ParaView/User Created Plugins

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  • Add Vertices - If a dataset contains points (geometry) but no vertices (topology), Paraview will not display anything. Use this filter to add vertices to your dataset.
    • Inputs: 1 data set of any type
    • Outputs: 1 polydata


  • Iterative Closest Point Transform Filter - Register one point set to another point set using the Iterative Closest Point (ICP) algorithm.
    • Inputs: 2 polydata (Source and Target - the source will attempt to be moved to the target)
    • Outputs: 1 polydata - the transformed source dataset
  • Landmark Transform Filter - Select three or more corresponding points from two data sets and align the two data sets using a Landmark Transform.
    • Inputs: 1 polydata, 2 datasets - 1) SourceLandmarks (vtkDataSet) - A set of points extracted from the source dataset 2) TargetLandmarks (vtkDataSet) - A set of points from the target dataset corresponding (and ordered the same as) the points in the source dataset 3) SourceDataset (vtkPolyData) - The source dataset which will be transformed
    • Outputs: 1 polydata - the transformed source dataset
  • Tensor Glyph Filter - The filter exposes vtkTensorGlyph and overcomes the class' shortcoming of not naming its output data arrays which prevents ParaView from listing and using them.
    It offers ellipsoids, cuboids, cylinder or superquadric tensor glyphs to visualize tensors by scaling each glyph according to a tensor's eigenvalues or the norms of an individual tensor's columns.
    The plugin is no superset of Superquadric Tensor Glyph Filter in that merely one set of superquadric glyphs are used for all tensors, in contrast to the mentioned plugin that determines per tensor suitable superquadric glyph settings.
    The Tensor Glyph filter operates on any type of data set. Its output is polygonal.
    Version 1.0.2 now supports serial and multi-core mode.
  • Superquadric Tensor Glyph Filter - The filter generates a superquadric glyph at every point in the input data set as suggested by Gordon Kindlmann at VisSym 2004. The glyphs are oriented and scaled according to eigenvalues and eigenvectors of point tensor data of the input data set. If ExtractEigenvalues is false, the entries of the 3x3 matrix are interpreted as principal axes of the superquadric and their norm as the length of these axes.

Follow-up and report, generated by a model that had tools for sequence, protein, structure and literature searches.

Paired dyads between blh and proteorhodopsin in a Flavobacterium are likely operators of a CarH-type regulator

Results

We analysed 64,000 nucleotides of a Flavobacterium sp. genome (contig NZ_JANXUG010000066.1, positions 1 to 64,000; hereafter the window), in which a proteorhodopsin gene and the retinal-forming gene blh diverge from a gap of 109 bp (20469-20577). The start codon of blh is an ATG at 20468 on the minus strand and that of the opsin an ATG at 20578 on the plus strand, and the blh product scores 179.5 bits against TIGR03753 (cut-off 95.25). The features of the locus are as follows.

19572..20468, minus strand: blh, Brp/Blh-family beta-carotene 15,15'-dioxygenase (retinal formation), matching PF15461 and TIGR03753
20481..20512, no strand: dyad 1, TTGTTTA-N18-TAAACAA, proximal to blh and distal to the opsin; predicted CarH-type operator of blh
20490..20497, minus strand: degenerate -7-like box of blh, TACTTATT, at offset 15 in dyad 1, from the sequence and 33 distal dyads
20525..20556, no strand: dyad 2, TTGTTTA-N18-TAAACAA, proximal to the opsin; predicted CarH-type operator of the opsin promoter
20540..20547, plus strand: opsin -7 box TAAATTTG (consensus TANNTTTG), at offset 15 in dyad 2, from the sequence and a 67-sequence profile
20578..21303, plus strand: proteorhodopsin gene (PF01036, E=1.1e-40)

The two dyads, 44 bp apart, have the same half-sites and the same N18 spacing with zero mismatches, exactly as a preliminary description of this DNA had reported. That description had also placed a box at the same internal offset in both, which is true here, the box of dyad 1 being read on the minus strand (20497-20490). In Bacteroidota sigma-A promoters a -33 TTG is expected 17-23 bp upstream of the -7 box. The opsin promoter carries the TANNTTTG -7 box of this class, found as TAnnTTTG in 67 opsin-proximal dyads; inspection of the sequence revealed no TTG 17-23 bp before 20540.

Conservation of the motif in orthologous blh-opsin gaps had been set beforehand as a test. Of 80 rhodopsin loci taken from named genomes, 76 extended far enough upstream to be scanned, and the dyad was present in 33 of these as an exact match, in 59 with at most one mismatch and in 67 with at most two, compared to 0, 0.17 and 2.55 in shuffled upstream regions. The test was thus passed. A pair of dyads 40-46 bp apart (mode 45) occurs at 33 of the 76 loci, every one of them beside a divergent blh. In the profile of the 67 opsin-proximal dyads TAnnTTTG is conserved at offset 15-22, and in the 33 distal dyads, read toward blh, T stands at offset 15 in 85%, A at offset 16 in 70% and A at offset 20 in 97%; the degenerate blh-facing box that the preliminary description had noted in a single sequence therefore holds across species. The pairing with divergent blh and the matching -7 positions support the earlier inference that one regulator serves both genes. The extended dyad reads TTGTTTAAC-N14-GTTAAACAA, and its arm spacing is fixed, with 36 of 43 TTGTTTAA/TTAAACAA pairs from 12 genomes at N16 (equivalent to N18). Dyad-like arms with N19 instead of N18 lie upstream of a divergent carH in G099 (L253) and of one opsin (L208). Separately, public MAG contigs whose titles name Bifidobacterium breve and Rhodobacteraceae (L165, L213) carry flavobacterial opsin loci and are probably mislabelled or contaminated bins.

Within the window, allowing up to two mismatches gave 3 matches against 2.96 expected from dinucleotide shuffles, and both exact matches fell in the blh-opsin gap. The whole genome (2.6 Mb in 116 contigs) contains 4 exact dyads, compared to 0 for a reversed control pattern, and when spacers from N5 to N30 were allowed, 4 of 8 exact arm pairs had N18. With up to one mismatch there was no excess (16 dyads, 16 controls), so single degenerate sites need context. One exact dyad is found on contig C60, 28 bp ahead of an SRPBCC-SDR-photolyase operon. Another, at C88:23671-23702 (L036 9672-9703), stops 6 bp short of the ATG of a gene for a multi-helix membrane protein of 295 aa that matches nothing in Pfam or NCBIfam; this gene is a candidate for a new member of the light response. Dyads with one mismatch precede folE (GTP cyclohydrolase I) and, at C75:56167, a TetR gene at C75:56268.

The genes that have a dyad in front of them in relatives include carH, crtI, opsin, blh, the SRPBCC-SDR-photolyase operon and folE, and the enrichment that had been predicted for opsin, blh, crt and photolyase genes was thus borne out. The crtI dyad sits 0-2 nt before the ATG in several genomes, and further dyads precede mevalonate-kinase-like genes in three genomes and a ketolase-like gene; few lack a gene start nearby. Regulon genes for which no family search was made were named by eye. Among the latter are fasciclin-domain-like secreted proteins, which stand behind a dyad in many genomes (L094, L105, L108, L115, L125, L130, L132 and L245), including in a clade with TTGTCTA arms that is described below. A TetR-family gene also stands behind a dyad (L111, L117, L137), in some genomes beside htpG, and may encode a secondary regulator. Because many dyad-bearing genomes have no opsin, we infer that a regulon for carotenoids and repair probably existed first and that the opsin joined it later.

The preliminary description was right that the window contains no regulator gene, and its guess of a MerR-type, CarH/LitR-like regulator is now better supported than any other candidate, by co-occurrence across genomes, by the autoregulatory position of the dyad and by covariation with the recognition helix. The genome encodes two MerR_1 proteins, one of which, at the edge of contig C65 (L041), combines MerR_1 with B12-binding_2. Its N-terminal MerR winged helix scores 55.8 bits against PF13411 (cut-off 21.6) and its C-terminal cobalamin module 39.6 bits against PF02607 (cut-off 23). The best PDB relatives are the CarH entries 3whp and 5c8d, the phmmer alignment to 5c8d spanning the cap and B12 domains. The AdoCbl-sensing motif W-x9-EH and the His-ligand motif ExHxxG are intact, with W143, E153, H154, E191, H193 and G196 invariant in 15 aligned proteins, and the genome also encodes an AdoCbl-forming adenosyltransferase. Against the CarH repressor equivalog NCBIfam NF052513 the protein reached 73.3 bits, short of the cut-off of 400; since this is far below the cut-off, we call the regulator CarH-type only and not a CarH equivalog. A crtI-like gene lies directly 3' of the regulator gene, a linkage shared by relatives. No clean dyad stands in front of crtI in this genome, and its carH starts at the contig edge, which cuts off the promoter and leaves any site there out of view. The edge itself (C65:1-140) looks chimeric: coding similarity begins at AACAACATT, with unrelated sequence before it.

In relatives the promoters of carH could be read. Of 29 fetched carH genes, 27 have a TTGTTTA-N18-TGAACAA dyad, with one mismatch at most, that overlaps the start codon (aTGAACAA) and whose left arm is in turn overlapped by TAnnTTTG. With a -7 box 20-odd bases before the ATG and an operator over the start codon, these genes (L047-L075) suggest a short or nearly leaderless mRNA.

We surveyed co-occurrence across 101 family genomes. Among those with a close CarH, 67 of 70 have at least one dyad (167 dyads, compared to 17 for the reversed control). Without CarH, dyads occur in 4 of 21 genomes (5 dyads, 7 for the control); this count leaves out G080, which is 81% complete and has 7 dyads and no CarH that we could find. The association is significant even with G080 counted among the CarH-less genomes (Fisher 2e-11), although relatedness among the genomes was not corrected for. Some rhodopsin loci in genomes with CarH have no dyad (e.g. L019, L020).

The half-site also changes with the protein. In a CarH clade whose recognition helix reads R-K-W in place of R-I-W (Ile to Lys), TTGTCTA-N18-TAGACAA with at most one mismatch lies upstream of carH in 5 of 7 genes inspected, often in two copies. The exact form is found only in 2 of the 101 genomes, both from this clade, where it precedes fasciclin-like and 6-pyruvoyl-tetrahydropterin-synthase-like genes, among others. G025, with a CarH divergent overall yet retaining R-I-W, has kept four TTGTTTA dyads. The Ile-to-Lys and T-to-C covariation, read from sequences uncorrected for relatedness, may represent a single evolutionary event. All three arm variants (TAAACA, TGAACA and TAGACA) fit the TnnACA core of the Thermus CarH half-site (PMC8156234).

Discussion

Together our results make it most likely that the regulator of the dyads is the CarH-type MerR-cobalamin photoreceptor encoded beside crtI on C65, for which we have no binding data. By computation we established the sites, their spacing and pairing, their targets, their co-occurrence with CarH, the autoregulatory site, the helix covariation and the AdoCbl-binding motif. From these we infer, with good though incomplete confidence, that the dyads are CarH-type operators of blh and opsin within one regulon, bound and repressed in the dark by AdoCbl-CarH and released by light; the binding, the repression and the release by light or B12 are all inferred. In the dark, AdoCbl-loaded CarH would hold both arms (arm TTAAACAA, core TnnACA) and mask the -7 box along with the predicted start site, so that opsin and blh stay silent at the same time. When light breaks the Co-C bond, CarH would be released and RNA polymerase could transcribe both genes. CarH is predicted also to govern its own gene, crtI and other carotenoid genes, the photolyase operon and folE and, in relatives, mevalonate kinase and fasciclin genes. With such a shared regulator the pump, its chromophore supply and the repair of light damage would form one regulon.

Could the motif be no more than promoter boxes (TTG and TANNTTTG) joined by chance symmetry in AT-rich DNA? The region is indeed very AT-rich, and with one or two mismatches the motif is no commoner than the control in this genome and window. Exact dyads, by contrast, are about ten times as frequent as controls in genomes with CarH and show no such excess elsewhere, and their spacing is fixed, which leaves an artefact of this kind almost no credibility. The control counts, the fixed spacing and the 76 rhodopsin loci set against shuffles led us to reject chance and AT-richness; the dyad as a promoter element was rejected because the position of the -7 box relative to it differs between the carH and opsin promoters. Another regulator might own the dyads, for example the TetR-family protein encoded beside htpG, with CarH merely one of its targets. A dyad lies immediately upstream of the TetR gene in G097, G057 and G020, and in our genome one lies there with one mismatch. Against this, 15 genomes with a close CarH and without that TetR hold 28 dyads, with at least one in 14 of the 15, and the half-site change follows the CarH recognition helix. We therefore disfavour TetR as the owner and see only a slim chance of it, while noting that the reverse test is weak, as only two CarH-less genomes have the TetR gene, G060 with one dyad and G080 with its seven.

By default a different glyph is used per tensor, based on its eigenvalues, to distinguish tensors easily for all view angles reducing visual ambiguity (from certain viewpoints, e.g. ellipsoids poorly convey tensor shape). The gamma roundness parameter allows the user to control the visual prominence of orientation information at low anisotropy levels (low differences in eigenvalues). Use values between 1.5 and 3. High values (above about 4) turn the superquadrics back into cuboid glyphs which misleadingly depict under-constrained orientation (problem of eigenvalue indeterminacy).
    The behavior of a standard Tensor Glyph filter can be achieved by setting FixedThetaPhiRoundness to true and choosing fixed theta and phi roundness values for all tensors. Set theta and phi roundness to 0.0 to get rectangular glyphs, set them to 1.0 to get ellipsoidal glyphs, set theta roundness to 1.0 and phi roundness to 0.0 to get cylindrical glyphs.
    The Superquadric Tensor Glyph filter operates on any type of data set, but assumes positive-definite tensors, negative and vanishing eigenvalues are ignored. Its output is polygonal.
    Version 2.0.2 now supports serial and multi-core mode.
    Based on experience with large scale data, use of D3 filter is recommended to make the optimum use of multiple-cores.
    This filter has been successfully tested on a 128X128X128 grid of tensors, running on a cluster with 5 nodes of 8 cpu's each. Beware though; the current implementation requires large amount of computing power as the data scales up..
    Version 3 has sped up the step of combining the superquadrics from order n squared to order n - Joseph Hennessey


To use these plugins, you must have compiled Paraview from source (The plugins have been updated to work with ParaView 3.98.1 - Joseph Hennessey)

  • Unzip the plugin
  • Create a bin directory in the directory in which you have unzipped the plugin:

<source lang="bash"> mkdir bin </source>

  • From the bin directory, run cmake to create the make files:

<source lang="bash"> cmake ../ </source>

  • Compile the plugin:

<source lang="bash"> make </source>

  • Load the plugin in Paraview: 1) Tools -> Manage Plugins/Extensions 2) On the right pane, click Load New. 3) Browse to the bin directory you were just working in and load
  • You can now use the plugin by selecting an object in the Pipeline Browser and then selecting the plugin you have just added from the Filters menu.